after divine service." " His majesty further saw that his
loyal subjects in all other parts of the kingdom did suffer
in the same kind, though not, perhaps, in the same degree

Royal proclamation, M ay 2 1 . 1618.


as in Lancashire ; and he did, therefore, in his princely
wisdom, publish a declaration to all his loving subjects,
concerning lawful sports to be used on Sundays and festi-
vals." — Published by his royal command in the year
1618, under the title of " The Book of Sports." The
royal visit to Lancashire proved ultimately of more im-
portance to the civil and ecclesiastical establishments of
the kingdom than could have been anticipated either by
the king or his subjects. This infamous " Book of
Sports," formed the first link in that mysterious chain of
events, ending in the downfall of the Stuarts, and their
exile and expulsion from the throne.

The gladsome tidings having been communicated to
the petitioners, with one accord they gallopped off, shout-
and huzzaing, to the great annoyance of all peaceable and
sober-minded persons, and the great dishonour of that
holy day.

The king attended divine service at the chapel, where
Dr. Morton preached, commanding and exhorting to an
obedience well pleasing to their maker ; inasmuch as it
was rendered to the vice-regent of heaven, the high and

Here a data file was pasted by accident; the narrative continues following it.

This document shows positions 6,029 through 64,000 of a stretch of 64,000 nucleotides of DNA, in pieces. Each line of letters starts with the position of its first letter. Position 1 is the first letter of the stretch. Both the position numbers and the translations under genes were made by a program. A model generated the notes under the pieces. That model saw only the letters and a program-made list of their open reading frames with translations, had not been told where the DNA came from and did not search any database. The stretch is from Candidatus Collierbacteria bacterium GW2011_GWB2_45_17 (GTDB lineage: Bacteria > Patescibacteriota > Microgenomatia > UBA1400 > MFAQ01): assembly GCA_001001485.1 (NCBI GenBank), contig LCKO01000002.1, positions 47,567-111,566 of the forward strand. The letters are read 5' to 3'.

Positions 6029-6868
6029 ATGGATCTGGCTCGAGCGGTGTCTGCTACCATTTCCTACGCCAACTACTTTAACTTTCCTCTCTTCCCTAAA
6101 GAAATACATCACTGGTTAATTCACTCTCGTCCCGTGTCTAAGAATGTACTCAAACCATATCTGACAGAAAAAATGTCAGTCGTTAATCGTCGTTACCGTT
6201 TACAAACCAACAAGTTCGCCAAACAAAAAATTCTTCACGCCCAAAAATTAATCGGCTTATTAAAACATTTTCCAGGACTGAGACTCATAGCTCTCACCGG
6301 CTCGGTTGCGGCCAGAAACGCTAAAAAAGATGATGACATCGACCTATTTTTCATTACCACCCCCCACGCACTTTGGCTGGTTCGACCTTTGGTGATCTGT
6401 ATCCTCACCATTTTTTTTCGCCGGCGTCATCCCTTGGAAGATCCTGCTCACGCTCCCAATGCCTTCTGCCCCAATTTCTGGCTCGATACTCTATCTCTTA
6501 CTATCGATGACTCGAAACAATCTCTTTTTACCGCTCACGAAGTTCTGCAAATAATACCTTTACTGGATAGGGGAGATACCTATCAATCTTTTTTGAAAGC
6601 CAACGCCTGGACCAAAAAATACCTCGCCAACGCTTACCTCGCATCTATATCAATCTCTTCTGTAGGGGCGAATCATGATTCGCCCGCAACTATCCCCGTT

mighty and puissant James, Defender of the Faith, and so
forth. After this comfortable and gracious doctrine, there
was a rush-bearmg * and a piping before the king in the

* This ceremony was formerly used for the conveyance of rushes in-
tended to be strewed in the church upon the clay floors between the
benches. It is now generally known but as an unmeaning pageant
■otiU practised in the northern and eastern parts of Lancashii-e, for the pur-
pose of levj-ing contributions on the inhabitants. An immense banner,
of silk adorned with tinsel and gay deuces, precedes the rush-cart,
wherein the rushes, neatly woven and smooth cut, are piled up and
decorated with flowers and ril)ands, in rustic taste. The cart, thus


great quadrangle. Robin Hood and Maid Marian, with
the fool and hobby-horse were, doubtless, enacted to the
jingling of morris-dancers and other profanities.

These fooleries put the king into such good humour
that he was more witty in his speech than ordinary.
Some of these sayings have been recorded, and amongst
the rest, that well-known quibble which has been the
origin of an absurd mistake, still current through the
county, respecting the sirloin. It is said to have been
knighted there by his majesty, who found, such were his
knight-making propensities, that other subjects were ex-

The occasion, as far as we have been able to gather, was
thus : — Whilst he sat at meat, casting his eyes upon a
noble surloin at the lower end of the table, he cried out,

" Bring hither that surloin, sirrah, for 'tis worthy of a
more honourable post, being, as I may say, not surloin but
«Vloin, the noblest jomt of all ;" which ridiculous and
desperate pun raised the wisdom and reputation of Eng-